Navigating the local court system is just one more traumatic experience for children who have been abused or neglected.
But one advocacy group believes a nearby therapy dog to pat or scratch could ease their stress and lighten their moods.
Tippecanoe County Court Appointed Special Advocates, who represent the interests of mistreated children thrust into courtrooms, try to make the unfamiliar experience as comfortable as possible.
Tippecanoe County CASA Executive Director Coleen Connor said a soft, quiet dog can sometimes do more to relieve anxiety in children than a helpful adult.
“We want it be as stress-free as possible for them,” she said.
Connor said court staff observed noticeable changes in behavior among children, particularly one boy, during several recent trial runs in Tippecanoe Superior Court 3.
“They sat on the floor in the middle of the courtroom, and he was calm,” she said. “In the past, he wouldn’t have been able to do that.”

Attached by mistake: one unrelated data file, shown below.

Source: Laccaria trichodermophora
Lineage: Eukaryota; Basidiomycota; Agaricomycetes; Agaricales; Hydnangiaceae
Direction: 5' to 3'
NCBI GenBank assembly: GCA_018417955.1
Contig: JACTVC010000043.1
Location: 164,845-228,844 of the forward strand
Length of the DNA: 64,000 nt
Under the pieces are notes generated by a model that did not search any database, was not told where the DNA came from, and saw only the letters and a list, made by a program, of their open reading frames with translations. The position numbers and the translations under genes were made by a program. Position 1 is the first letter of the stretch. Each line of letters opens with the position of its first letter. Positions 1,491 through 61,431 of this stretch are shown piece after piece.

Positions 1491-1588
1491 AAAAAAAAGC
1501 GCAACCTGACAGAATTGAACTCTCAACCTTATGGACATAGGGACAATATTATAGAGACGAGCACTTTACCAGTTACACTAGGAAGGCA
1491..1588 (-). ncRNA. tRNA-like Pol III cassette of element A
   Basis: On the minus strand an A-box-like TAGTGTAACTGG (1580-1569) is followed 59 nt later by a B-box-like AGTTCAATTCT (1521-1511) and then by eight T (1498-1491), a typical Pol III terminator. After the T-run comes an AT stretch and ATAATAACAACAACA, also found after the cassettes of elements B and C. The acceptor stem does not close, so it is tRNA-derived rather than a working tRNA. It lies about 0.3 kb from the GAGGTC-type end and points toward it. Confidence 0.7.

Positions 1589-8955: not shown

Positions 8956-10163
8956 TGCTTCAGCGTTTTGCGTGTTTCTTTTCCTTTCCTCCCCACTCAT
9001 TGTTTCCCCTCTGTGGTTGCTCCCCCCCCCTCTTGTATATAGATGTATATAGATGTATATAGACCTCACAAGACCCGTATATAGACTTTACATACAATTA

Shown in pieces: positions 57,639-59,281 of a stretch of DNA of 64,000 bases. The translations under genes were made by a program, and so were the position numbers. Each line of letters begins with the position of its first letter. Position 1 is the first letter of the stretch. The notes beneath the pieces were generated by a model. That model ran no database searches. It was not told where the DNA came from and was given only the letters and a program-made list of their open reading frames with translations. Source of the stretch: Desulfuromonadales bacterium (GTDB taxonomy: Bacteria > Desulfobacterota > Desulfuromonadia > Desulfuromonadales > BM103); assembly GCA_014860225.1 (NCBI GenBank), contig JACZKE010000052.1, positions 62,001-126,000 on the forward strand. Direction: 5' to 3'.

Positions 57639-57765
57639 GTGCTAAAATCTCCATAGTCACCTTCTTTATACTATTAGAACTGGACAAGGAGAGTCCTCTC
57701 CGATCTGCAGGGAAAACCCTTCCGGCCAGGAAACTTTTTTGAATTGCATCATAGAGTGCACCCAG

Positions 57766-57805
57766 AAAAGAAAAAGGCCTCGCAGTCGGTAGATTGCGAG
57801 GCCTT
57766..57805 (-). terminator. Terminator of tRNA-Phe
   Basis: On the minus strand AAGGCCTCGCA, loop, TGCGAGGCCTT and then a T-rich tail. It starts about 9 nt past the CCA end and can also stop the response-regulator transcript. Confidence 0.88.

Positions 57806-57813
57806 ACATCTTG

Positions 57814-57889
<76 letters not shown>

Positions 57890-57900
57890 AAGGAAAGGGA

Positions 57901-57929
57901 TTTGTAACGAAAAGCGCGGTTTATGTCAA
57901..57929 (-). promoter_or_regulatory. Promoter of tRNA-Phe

The soothing effect extends to adults in the courtroom, who often are traumatized by the disturbing details released in court, Connor said.
“It’s a win-win for everyone because court can be stressful for everybody involved: attorneys, clients, children, CASAs.”
Connor reported her observations earlier this month to the Tippecanoe County Board of Commissioners, which approved a preliminary memorandum of understanding with the local chapter of Therapy Dogs International earlier this month.
Under the agreement, the chapter will provide trained and certified therapy dogs, in addition to volunteer handlers, at no cost to taxpayers, said Tom Roberts, director of the local chapter.
Court visits involving therapy dogs will be planned in advance through judges and bailiffs, Connor said. Only trained and certified therapy dogs will be allowed inside the courthouse.
Roberts said his dogs, which often are recruited from humane shelters, must be passive and docile. Any sign of aggression would immediately disqualify an animal, he added.
“What we’re looking for is a dog that, after meeting 100 new people a day, they’re still excited about the 101st,” Roberts said.
Roberts, whose therapy dogs also visit schools, hospitals, nursing homes and many other facilities, said expanding to the courthouse, where adults and children encounter trauma every day, was a logical decision.
“People who experience that on a daily basis have a lot of mental health problems, a lot of physical health problems,” he said. “So we thought, Well, that's another way to serve the community.”